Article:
BATTLE CREEK, Mich. — In response to the news that Salmonella was found in a package of Austin Quality Foods Toasty Crackers with Peanut Butter, manufacturer Kellogg Co. here has activated its sales force of several thousand employees, and engaged the help of a third-party retrieval company to rid retailers’ shelves of recalled Kellogg’s products.
“We can’t emphasize enough our disappointment and deep regret about this situation,” said David Mackay, president and chief executive officer of Kellogg’s, in a statement. “The food industry upholds certain operating standards and we are proud that we exceeded the standards in our facilities. Events of the last week suggest there was a breach in this supplier’s process that is unacceptable to Kellogg, our customers and consumers.”
Mackay referred to Kellogg's supplier Peanut Corp. of America, which manufactures peanut butter and peanut butter paste that’s distributed to food manufacturers for use in cakes, cookies, crackers, candy, cereal and ice cream.
Prior to the discovery of Salmonella in the Kellogg’s product, sources of Salmonella Typhimurium contamination were traced to a plant owned by PCA. As of last week, 474 people in 43 states were infected with the outbreak strain of Salmonella Typhimurium; nearly a quarter of those were hospitalized and the infection may have contributed to six deaths.
Several private-label items count PCA-produced peanut butter and peanut butter paste among their ingredients. Certain Hy-Vee, Food Lion and Wal-Mart bakery products, Meijer peanut butter crackers and some varieties of Kroger and Wegmans ice cream, are among the recalled items. National brands like Keebler, Famous Amos and Little Debbie have also been affected, and certain varieties of Clif and Luna bars were recently added to the recall list.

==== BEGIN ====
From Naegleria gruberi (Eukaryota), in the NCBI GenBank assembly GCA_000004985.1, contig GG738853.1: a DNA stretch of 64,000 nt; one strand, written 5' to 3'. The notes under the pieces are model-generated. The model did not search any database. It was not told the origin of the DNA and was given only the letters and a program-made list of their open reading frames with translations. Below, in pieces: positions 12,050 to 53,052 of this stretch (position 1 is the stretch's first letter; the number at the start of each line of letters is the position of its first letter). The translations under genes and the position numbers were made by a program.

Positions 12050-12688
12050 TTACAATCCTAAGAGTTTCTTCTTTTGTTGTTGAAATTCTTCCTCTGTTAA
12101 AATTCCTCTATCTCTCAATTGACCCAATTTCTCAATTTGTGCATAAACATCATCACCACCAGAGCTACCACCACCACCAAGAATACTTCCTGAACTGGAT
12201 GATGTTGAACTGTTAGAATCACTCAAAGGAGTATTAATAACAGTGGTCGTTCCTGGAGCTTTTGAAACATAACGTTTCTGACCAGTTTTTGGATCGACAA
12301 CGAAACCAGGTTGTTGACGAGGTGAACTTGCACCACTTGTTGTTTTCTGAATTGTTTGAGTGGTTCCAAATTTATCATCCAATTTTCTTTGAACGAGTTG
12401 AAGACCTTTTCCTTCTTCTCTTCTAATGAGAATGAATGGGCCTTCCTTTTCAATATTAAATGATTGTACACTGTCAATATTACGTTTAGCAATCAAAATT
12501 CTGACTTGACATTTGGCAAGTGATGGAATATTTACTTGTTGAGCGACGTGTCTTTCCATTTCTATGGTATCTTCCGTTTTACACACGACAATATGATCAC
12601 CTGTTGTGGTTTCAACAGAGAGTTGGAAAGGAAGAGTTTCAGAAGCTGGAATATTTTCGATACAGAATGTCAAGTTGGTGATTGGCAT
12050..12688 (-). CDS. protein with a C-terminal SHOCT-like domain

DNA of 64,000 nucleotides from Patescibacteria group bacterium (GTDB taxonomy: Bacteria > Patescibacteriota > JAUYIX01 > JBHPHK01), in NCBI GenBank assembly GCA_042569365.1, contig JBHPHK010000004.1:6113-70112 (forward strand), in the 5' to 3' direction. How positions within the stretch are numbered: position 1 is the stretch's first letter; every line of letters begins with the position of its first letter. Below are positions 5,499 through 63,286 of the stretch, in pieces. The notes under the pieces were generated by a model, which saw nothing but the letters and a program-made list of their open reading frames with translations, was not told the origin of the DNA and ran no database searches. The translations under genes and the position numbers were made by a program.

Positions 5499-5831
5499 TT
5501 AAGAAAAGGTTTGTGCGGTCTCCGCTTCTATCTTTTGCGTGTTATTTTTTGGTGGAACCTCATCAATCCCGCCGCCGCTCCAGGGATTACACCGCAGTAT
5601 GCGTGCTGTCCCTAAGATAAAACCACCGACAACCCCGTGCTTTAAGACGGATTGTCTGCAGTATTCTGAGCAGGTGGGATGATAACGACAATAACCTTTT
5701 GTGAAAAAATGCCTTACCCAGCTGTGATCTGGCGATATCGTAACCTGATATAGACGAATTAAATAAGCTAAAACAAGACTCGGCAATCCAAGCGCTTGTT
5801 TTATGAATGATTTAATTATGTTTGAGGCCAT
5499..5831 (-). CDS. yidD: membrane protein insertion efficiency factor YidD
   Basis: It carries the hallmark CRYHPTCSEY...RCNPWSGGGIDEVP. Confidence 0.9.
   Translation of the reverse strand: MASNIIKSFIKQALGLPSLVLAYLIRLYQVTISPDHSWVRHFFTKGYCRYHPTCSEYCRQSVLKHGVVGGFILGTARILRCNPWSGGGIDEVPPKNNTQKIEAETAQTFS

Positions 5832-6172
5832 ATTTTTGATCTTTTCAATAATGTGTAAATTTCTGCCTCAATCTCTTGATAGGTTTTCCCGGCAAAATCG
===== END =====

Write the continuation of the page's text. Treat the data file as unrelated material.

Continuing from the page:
Employees at Dorothy Lane Market, Dayton, Ohio, placed about 100 personal phone calls yesterday to shoppers who purchased the bars with their loyalty cards at its Washington Square location, according to Kathy Neufarth, director of consumer affairs. DLM mines its shopper loyalty data to determine which consumers have purchased recalled items. “People seemed very grateful that we called them,” she said. “We’re also addressing letters to shoppers who we have [incorrect] phone numbers for.”
Wegmans distributed recall-related emails yesterday to its shoppers that feature related questions and answers, websites and phone numbers. “We also want to take this time to remind you of the importance of using your Shoppers Club card every time you shop and keeping your Shoppers Club information up to date in our database," the email said. "Those folks who purchased peanut butter-flavored Wegmans brand ice cream that has been recalled and used their cards are receiving phone calls from us with details about the recall.”
Food Lion also distributed emails to about 1 million customers who had previously opted to receive recall-related information. The retailer also has an electronic notification system in place to ensure that recalled items have been removed from the shelves of its stores. “Stores are sent recall instructions and required to respond back indicating compliance,” James Ball, Food Lion’s director of food safety, told SN. “We’ve also blocked all recalled products so they will not scan” at the checkout.
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